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Alice in Chains - Rainier Fog Music Album Reviews

The grunge stalwarts’ sixth album revisits their Seattle roots, with a sound harkening back to the early ’90s, when they were swept up in a wave of Pacific Northwest acts achieving international fame.

Early promotional efforts surrounding the release of Rainier Fog, the sixth studio album from Alice in Chains, centered around the group’s birthplace of Seattle. The quartet played an acoustic set atop the Space Needle, as well as a secret show at the Crocodile, the local venue co-owned by drummer Sean Kinney. To cap it off, the Seattle Mariners held an “Alice in Chains Night,” during which guitarist and vocalist Jerry Cantrell threw out the ceremonial first pitch as the band’s 1992 hit “Would?” played over Safeco Field’s PA system.

This campaign makes sense for an album named after the volcano that looms over the Seattle skyline. But it’s also a fitting reflection of a record that feels like an attempt to trace the group’s musical roots, with a sound harkening back three decades to the time when they were swept along with the wave of bands from their area code achieving international stardom.

Some of Alice in Chains’ efforts to this end are essentially sentimental. They laid down the basic tracks for Rainier Fog at Studio X, the Seattle studio formerly known as Bad Animals, where they recorded their self-titled album from 1995. There’s also a guest appearance, on the abrasive blues track “Drone,” by Chris DeGarmo, the co-founder of prog-metal titans Queensrÿche, who served as Cantrell’s touring guitarist in 1998. But the core of Rainier Fog melds the grimy, glammy elements of their 1990 debut Facelift with the thicker doom-metal approach that has dominated the group’s last few studio albums.

Unfortunately, recapturing their heyday was always going to be an impossible feat, because Alice in Chains have changed dramatically since their first LP. Gone are the key elements of their most successful era: the sinister growl of vocalist Layne Staley, who died of an overdose in 2002, and the fluid yet tensile basslines of Mike Starr, who left the band in 1993, long before his own death in 2011. As capable as their respective replacements, William DuVall and Mike Inez, are, these new members’ styles have effectively turned Alice in Chains into a different band.

DuVall, who joined the fold in 2006, had a particularly notable impact on their sound. Like Staley, he has a voice that blends well with Cantrell’s, but his singing for Alice in Chains is far less distinctive, endowed with neither his predecessor’s bluesy edge nor the soulful sting DuVall brings to his his other band, Comes With the Fall. On Rainier Fog, he only occasionally drifts to the surface, on the growling title track as well as the songs that bookend the album, “The One You Know” and the slowly decaying finale, “All I Am.”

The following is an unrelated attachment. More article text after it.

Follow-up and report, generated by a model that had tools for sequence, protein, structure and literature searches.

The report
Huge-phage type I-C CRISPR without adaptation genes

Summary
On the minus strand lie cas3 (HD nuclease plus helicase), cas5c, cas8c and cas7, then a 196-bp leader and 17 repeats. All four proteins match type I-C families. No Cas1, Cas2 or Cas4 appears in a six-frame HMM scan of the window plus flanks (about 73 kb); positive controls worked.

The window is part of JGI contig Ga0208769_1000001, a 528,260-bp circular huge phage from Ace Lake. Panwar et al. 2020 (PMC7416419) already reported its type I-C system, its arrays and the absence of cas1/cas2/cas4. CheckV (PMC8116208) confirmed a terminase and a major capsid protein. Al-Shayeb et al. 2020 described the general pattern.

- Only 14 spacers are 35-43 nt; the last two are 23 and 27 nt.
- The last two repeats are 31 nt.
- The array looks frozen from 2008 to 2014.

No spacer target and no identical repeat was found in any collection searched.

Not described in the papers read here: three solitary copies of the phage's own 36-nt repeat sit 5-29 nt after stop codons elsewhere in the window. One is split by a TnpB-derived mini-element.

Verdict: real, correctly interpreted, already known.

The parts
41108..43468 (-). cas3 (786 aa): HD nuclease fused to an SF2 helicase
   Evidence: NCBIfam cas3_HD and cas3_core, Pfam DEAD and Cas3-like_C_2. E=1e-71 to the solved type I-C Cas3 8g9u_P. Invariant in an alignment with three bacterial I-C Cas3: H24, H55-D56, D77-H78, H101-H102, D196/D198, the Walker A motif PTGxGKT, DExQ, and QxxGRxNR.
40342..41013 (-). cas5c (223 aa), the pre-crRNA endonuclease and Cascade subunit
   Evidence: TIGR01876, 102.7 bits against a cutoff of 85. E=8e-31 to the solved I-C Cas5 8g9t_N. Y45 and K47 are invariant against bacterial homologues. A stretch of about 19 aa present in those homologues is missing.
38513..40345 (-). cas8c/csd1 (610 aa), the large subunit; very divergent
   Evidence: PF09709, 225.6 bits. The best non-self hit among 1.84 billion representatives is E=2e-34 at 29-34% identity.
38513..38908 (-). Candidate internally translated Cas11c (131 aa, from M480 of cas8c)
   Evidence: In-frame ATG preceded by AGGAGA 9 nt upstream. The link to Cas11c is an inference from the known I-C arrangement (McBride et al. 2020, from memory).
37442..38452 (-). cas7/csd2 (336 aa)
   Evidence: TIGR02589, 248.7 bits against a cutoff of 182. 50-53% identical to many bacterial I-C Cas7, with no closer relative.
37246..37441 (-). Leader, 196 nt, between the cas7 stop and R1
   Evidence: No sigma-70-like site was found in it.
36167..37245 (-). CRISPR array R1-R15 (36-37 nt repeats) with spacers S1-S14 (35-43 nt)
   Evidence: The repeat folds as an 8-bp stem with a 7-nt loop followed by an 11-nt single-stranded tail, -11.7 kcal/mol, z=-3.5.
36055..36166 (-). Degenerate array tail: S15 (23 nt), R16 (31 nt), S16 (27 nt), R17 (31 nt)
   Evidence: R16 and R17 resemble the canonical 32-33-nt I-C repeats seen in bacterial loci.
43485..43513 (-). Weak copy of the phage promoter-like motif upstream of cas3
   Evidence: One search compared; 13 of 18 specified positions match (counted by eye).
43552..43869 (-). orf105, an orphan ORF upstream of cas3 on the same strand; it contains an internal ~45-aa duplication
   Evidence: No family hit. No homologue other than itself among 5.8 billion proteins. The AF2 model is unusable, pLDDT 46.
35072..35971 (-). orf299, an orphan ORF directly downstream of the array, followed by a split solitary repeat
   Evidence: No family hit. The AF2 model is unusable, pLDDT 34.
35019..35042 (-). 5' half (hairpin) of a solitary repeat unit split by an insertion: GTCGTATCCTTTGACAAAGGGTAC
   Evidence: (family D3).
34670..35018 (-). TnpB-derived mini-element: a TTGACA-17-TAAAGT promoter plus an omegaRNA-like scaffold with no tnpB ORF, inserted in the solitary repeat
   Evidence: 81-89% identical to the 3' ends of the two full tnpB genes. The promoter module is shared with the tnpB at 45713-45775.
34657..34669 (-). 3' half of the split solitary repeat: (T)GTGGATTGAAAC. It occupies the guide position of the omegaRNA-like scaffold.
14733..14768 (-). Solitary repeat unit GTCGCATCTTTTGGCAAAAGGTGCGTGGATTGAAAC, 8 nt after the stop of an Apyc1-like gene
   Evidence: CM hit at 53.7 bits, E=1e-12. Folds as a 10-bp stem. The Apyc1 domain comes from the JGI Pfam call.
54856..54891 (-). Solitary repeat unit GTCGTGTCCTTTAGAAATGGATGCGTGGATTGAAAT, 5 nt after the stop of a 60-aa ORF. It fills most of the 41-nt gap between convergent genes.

Where Alice in Chains do succeed in bringing themselves full circle, it’s by cutting down on the acoustic elements and pop influences that surfaced on their 1992 EP Sap. Rainier Fog often acts like a cudgel, pounding DuVall and Cantrell’s sludgy guitars and the hip-swiveling grind of the rhythm section directly into the listener’s temporal lobe. This leads to some spectacular moments, like the downward-spinning chorus of “So Far Under,” the sputtering downstrokes on “The One You Know,” and the undulating waves of guitar on anti-Trump anthem “Red Giant.”

Still, for all its volume and bursts of power, Rainier Fog feels like an unnecessary regression. Alice in Chains were showing signs of growth on their previous DuVall-era albums, 2009’s Black Gives Way to Blue and 2013’s The Devil Put the Dinosaurs Here, whose jumps between heavier tunes and gentler fare were abrupt but at least attempted to strike a balance. Here, with the exception of the lighters-in-the-sky power balladry of “Fly,” the more melodious passages on tracks like “Maybe” and “All I Am” are still countered by blunt-force guitars and blaring volume.

It’s hard to fault the band for trying to recapture a bit of their past grunge-era glory. No matter how far away its members move from their old stomping grounds (Cantrell and Inez both live in California now, while DuVall resides in Atlanta), they will always be thought of as a Seattle band. And they’ve been called back to the city frequently over the past 20 years, to reckon with the deaths of their bandmates and, more recently, their friend Chris Cornell. Those experiences only serve to pull those bonds tighter. But just as the city that birthed them has changed dramatically in the years since their first album hit the Billboard charts, so have Alice in Chains. They’re no longer the same band they once were, and that evolution is something to be extended, not erased.

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